and 2011. It involved at least 25 different Member clients and investments totalling at least
$3,902,388. Cormylo received benefits of over $280,000 as a result of this activity. Cormylo
knew what he was doing was a clear breach of the Rules of the MFDA and he took deliberate
steps to shield this activity from the Member. The number of clients, the duration of the schemes,
the amount involved and the deliberate deception all put this misconduct in the most serious of
Cormylo maintained that he was not motivated by self-interest but rather his actions were
the result of “compassion and empathy with his clients who were facing financial difficulty as a
result of the economic downturn.” Given that his “off book” activity began in 2006, well before
any evidence of the financial downturn of 2008 and 2009, we find this attempted justification
without any merit. Even if it were true, making a decision to facilitate securities transaction
entirely outside the regulatory scheme put in place to protect investors, provides no mitigation.
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The previous MFDA sanction decisions put forward by Staff all provided that the fine
should at least include the amount of financial gain achieved as a result of the “off book”
activity. We agree that fundamental to any penalty intended to address the issue of general
deterrence should be the principle that you cannot be seen to profit from your wrongdoing. We
see disgorgement of profits, absent exceptional circumstances, as a starting point. We find
support for this approach in the prior MFDA decisions referred to us by Staff. We refer
specifically to the following decisions:
Re: Madjoub (2010) MFDA Central Regional Council, MFDA File No.
201010, November 12, 2010;
Re: Piett (2012) Prairie Regional Council, MFDA File No. 201206,
September 25, 2012;
Re: Cavalli (2013) LNCMFDA 82; and
Re: Hesselink (2013) MFDA Central Regional Council File No. 201315,
October 16, 2013.
Counsel for Cormylo put forward the personal financial circumstances as they existed at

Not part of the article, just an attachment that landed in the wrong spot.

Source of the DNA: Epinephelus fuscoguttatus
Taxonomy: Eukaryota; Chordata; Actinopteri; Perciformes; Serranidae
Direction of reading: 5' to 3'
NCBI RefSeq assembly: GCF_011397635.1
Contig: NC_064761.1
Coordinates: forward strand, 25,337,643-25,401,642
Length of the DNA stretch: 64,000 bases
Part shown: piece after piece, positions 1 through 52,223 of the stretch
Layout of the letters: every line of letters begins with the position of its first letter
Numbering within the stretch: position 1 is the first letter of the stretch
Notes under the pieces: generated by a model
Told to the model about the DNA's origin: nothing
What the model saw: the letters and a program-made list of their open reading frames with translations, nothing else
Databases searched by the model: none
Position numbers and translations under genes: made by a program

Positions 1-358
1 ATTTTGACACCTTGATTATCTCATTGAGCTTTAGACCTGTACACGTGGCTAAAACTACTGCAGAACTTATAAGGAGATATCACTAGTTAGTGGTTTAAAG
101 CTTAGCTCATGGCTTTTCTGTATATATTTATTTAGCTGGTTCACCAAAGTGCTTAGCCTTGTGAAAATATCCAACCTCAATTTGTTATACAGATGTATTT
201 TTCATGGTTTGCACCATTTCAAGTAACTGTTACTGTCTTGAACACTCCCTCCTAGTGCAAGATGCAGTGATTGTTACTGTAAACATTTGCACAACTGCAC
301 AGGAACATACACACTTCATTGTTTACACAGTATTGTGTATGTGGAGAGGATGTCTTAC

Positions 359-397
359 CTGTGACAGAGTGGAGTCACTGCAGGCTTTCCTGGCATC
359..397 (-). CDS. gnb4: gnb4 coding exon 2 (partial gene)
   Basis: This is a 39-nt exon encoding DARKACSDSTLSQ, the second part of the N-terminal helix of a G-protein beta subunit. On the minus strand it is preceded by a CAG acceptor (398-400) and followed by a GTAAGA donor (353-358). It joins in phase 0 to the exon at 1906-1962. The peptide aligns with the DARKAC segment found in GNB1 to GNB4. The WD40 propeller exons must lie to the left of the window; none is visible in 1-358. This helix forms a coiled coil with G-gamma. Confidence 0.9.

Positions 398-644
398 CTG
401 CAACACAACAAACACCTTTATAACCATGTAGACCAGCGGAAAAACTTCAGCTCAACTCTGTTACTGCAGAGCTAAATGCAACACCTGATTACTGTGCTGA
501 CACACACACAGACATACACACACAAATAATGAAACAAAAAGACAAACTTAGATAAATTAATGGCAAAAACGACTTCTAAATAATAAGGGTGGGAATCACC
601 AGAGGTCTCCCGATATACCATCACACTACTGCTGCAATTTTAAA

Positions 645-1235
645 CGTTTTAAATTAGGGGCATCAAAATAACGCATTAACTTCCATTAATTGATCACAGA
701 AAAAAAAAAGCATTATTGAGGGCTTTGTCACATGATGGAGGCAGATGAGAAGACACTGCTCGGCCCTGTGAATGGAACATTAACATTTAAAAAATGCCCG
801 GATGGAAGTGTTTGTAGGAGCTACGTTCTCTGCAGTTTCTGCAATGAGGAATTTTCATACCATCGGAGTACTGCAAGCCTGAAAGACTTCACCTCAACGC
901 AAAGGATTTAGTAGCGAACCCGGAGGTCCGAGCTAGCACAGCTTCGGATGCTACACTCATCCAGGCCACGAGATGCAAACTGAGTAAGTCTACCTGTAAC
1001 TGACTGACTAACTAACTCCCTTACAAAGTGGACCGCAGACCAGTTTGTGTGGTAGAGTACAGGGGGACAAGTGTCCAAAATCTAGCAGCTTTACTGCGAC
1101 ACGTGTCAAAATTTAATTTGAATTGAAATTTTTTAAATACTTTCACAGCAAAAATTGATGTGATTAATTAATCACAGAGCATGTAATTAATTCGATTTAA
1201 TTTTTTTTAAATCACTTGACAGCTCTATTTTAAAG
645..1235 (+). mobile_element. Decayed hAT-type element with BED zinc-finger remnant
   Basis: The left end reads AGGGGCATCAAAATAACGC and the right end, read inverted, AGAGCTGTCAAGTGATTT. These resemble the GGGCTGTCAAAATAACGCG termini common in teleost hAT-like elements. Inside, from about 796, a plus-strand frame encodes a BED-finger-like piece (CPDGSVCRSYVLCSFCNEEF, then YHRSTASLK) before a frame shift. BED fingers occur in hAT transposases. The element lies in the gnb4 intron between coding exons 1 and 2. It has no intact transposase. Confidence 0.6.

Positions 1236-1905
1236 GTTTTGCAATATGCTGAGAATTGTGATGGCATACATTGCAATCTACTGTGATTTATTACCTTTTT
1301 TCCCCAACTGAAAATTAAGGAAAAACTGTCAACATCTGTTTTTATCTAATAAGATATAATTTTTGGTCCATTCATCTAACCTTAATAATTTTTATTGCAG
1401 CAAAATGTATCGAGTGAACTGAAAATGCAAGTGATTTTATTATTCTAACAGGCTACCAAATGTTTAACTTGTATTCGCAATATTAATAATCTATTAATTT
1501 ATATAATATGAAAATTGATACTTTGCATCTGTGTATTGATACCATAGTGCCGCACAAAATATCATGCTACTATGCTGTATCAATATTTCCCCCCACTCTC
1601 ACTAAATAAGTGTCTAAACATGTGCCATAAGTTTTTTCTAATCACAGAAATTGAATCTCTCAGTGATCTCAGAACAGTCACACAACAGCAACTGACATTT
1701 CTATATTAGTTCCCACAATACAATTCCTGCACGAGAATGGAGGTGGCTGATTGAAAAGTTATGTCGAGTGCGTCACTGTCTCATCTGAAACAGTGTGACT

the time of the hearing as a circumstance which we should consider to justify the imposition of a
fine of $20,000. We do not disagree that the personal circumstances of a Respondent can, in
some circumstances, operate to mitigate what would otherwise be a fit penalty. However, we do
not agree that the personal financial circumstances of a Respondent can operate to reduce a fine
which is, in essence, a requirement that the person disgorge the profits of their illegal activity.
Had there been a submission that the fine should far exceed the profits received it may have been
appropriate to consider Cormylo’s personal financial circumstances. That is not this case.
We would also comment on the cases put forward by counsel for the Respondent in
support of a fine of $20,000. Five of the six cases put forward for consideration were panel
considerations of Settlement Agreements entered into between the various Respondents and the
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MFDA. We consider these determinations to be of little precedential value. There are myriad
considerations and accommodations that can go into the creation of a Settlement Agreement and
it is not unusual that none of these might be known to a panel adopting and implementing them.
As such, their precedential value is limited.
We agree that Cormylo was cooperative with the investigation, that he understands the
seriousness of his actions and is remorseful, and that he has no prior history of misconduct in his
long securities related career. We find that all of those things have been taken into account by
Staff in its position as to the appropriate fine which is, in reality, nothing more than a
disgorgement of profit obtained from illegal activity.
In the result, we Order the following:
a permanent prohibition on the authority of the Respondent to conduct securities
related business in any capacity while in the employ of, or in association with, any
MFDA Member, pursuant to s. 24.1.1(e) of MFDA By-law No. 1;
a global fine in the amount of $300,000 pursuant to s. 24.1.1(b) of MFDA By-law
No. 1; and
costs of $7,500 pursuant to s. 24.2 of MFDA By-law No. 1.
DATED this 12th day of August, 2014.
“John D. James”
John D. James
DM 387526 v2